Palaeoweek 2015 : a celebration of the France-Uganda collaboration in the paleontology
The Palaeoweek, a week dedicated to paleontology in Uganda, happily begun on Saturday June 13th with workshops for kids, and ended the next Thursday with a panel discussion that was followed by the official inauguration of an exhibition at the National Museum of Kampala, officiated by Hon. Barbara Nekesa, Minister of State for Karamoja and H.E. Sophie Makame, Ambassador of France to Uganda.
Educative workshops about paleontological research
Nearly 200 French and Ugandan school children aged 6 to 14 years were welcomed at the National Museum on June 13th, where they were introduced to the ABC of paleontology. Many activities were on the menu, from the presentation of the job of a paleontologist with Brigitte Senut, Professor at the Earth Museum, to the guided visit of the museum by Martin Pickford, Professor at the Collège de France in Paris, or the fabrication of fossils molds with Dominique Gommery, research director at the Ecology and environment institute of the CNRS and at Pretoria University. This pedagogic journey filled the kids with joy, and some of them probably discovered a new vocation.
A panel discussion under the theme “study the past to understand the present”
The day began with a panel discussions under the theme “study the past to understand the present” with presentations from French and Ugandan paleontologists. Brigitte Senut, to whom we owe the discovery of the Ugandapithecus major cranium, has in particular presented the state of her research works in Uganda, surrounded by some members of her team, like Martin Pickford, Dominique Gommery and Joan Pouech, researcher at the Earth Museum. The following were also participating : Charles K. Twesigye, lecturer at the biology departement of Kyambogo University, Sarah Musalizi, museum curator at the National Museum of Kampala, Julius B. Lejju, lecturer at the biology department of Mbarara University and Joshua Lukaye, geochemist at the ministry of energy and of mines.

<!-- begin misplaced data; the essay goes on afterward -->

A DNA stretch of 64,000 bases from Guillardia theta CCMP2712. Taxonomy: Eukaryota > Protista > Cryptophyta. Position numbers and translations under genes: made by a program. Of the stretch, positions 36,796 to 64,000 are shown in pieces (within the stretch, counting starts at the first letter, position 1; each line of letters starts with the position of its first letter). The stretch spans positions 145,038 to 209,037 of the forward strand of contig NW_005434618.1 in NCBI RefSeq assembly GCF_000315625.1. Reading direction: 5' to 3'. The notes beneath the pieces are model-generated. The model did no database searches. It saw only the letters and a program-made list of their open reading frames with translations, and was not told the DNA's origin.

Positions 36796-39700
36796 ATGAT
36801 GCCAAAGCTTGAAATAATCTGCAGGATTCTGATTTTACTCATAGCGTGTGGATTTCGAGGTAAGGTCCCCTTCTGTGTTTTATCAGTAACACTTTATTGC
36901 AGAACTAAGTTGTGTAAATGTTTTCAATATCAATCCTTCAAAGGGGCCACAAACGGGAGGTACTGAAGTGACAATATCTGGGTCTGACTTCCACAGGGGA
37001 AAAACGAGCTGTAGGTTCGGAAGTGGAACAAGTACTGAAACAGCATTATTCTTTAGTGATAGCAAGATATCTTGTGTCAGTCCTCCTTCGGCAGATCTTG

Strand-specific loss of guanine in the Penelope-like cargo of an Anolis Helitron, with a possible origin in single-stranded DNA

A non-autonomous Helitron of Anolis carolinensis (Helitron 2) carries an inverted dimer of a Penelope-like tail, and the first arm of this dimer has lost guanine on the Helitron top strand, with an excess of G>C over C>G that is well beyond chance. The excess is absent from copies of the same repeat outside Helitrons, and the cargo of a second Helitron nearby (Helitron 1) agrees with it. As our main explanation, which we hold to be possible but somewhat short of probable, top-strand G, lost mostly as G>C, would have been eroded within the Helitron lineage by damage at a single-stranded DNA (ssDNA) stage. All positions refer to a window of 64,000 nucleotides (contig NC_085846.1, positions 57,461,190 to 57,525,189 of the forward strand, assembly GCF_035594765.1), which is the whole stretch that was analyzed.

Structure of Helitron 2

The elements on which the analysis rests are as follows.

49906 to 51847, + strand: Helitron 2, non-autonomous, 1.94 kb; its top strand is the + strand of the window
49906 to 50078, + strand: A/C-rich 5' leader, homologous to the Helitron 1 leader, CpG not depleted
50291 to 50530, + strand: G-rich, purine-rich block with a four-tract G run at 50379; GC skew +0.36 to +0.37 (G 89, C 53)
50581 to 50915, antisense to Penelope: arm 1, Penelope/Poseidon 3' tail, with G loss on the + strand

This panel discussion, brilliantly orchestrated by Dominique Gommery, provided the opportunity to highlight the results of the excavations done in Uganda over the last 30 years. A specific attention was given to climate change and its impact on the environment on a 20-million-year scale. Those results were the culmination of the study of sediments and fossils, whose conservation conditions are particularly remarkable in Uganda, making it a privileged searching site for paleontologists. Joshua Lukaye concluded by tackling the economic aspects of paleontological research in Uganda.
This event was thus able to strengthen the collaboration between scientists and raise the Ugandan public interest towards the conservation of its natural heritage.
The inauguration of an exhibition celebrating the France and Uganda scientific cooperation
Hon. Barbara Nekesa, Minister of state for Karamoja, and H.E Sophie Makame, Ambassador of France to Uganda, then proceeded to unveil an exhibition tracing the 30 years of paleontological research led by the half-French half-Ugandan team.
Mrs. Makame especially emphasized the importance of these research works for Uganda’s cultural and natural heritage and, in this regard, underscored the importance of developing tourism in the Karamoja region. She mentioned the Moroto Museum, whose aim is to sensitize the local communities and the general public about he richness of the karimojong cultural heritage and traditions.
The exhibition will remain open to the public until July 12th 2015.